## From math to silicon

One neat thing about what we've been discussing so far is that it converts directly into silicon and circuitry.

Earlier we used True (T) and False (F) to indicate logic states. When we talk about actual circuits, it's more typical to talk about high (H) and low (L) signals.There's some leeway as to what voltages are considered high and low, but we can idealise it to high being Vcc and low being Gnd.

Just like any kind of circuits we need a way to describe logic circuits. And just like other circuits, there is an assortment of diagramming symbols we can use. In the same way there are standard symbols for resistors, capacitors, and the like, there are symbols for the different gates (and as well as more complex digital building blocks like counters and shift registers. Semiconductor companies such as Texas Instruments, Motorola, Fairchild, etc. publish "Data Books" on their lines of ICs. I've always found these to be a superb resource for knowing what chips are available, their pinouts, and functional characteristics.

Be sure to learn these symbols, as we will be using them extensively in the guides to come in this series.

If you actually want to follow along and build the circuits we will be exploring, you'll need some logic ICs. I like using TTL (short for Transistor-Transistor-Logic, which refers to an implementation approach). TTL chips are robust, fairly impervious to static discharge, and still quite readily available.  Digikey has a wide assortment as does Jameco and other component retailers.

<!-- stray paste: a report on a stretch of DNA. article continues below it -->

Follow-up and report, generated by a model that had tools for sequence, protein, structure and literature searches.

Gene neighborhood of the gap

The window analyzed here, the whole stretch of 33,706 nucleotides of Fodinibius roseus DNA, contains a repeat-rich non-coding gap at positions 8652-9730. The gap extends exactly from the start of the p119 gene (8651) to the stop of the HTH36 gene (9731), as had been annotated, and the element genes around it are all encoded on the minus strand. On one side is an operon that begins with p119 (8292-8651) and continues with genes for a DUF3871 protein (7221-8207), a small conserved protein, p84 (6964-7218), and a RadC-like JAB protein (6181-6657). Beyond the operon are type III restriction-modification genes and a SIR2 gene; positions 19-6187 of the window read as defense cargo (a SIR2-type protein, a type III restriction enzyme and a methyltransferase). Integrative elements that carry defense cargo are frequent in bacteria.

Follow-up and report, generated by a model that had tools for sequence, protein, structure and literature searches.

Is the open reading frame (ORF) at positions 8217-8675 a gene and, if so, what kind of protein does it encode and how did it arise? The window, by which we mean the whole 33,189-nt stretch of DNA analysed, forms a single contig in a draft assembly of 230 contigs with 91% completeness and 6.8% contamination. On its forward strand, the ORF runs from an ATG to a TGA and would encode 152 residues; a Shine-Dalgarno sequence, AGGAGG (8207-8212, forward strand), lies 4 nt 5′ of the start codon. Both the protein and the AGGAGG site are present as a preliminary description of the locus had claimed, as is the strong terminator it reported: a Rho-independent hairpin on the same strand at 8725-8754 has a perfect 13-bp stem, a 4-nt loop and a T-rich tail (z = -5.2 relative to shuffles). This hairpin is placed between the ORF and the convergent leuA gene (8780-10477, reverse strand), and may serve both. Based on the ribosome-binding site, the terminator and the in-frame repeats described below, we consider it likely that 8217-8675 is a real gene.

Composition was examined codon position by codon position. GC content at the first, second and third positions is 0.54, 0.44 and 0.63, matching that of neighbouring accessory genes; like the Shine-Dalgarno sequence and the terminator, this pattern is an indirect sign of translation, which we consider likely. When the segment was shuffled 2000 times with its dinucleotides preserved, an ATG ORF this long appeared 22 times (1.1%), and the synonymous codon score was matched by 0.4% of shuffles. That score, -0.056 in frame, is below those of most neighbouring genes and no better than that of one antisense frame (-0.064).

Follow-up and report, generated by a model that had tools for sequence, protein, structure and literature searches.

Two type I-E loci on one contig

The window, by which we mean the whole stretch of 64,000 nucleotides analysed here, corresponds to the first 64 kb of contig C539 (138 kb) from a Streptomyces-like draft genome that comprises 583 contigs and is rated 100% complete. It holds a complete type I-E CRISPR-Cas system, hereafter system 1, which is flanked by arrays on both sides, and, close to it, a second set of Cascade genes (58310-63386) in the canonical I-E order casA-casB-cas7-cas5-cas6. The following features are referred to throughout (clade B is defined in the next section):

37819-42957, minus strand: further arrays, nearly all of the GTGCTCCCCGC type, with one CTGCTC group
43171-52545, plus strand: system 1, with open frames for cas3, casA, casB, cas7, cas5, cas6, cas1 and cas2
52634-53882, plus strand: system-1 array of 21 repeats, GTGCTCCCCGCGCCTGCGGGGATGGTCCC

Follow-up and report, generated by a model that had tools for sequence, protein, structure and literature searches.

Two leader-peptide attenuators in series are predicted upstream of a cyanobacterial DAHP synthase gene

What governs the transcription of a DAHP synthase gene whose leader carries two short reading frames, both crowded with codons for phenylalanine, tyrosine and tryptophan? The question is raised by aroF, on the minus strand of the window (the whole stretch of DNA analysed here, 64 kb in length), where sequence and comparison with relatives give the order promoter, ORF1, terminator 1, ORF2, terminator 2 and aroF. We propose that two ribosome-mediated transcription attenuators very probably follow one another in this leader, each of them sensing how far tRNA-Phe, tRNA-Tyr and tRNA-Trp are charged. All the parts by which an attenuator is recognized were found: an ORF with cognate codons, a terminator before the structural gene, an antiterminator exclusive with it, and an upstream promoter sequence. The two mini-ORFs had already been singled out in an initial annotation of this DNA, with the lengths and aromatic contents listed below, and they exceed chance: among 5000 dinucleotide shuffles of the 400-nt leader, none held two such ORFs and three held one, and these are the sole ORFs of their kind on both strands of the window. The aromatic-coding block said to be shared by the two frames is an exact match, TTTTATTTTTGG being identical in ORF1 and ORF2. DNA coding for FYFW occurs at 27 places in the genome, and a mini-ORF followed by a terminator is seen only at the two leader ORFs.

When you get a logic gate IC, you usually don't get a single gate. Depending on the exact configuration of inputs, you might get 2, 3, 4, or even 6 gates on a single chip. For example here's configuration of a 7400, a chip that contains 4 2-input NAND gates.

Physically it comes in a 14 pin chip. These are available in surface mount packages, but it's a lot easier to work with on a breadboard if you go oldschool with DIP (Dual Inline Package) chips.  The 7400 is packaged in a DIP-14, that looks something like (except that this is a 7404, hex NOT gate):

Note the dimple in one end. That corresponds to the notch in the pinout diagram. It denotes the end of the chip with pin 1. Pin numbering starts there and proceeds counter-clockwise around the chip. Some chips will have a small circular depression near pin 1 instead. In any case, there will always be a clear way of telling where pin 1 is.

The other simple, 2-input gates will be similar, but be sure to check the datasheets to confirm pinouts as sometimes they differ. For example, here's the configuration of the 7402, a quad 2-input NOR gate:

That said, Vcc and GND are *usually* on the same corner pins: 7 & 14, 8 & 16, etc depending on the size of the chip. But always double check.

Since a NOT gate only needs 2 connections instead of 3, 6 will fit in a DIP-14. Here's the 7404:

A DIP-14 will fit 3 3-input gates, such as the 7410 3-input NAND:

This guide was first published on Mar 22, 2018. It was last updated on Mar 08, 2024.

This page (Logic Gates) was last updated on Mar 08, 2024.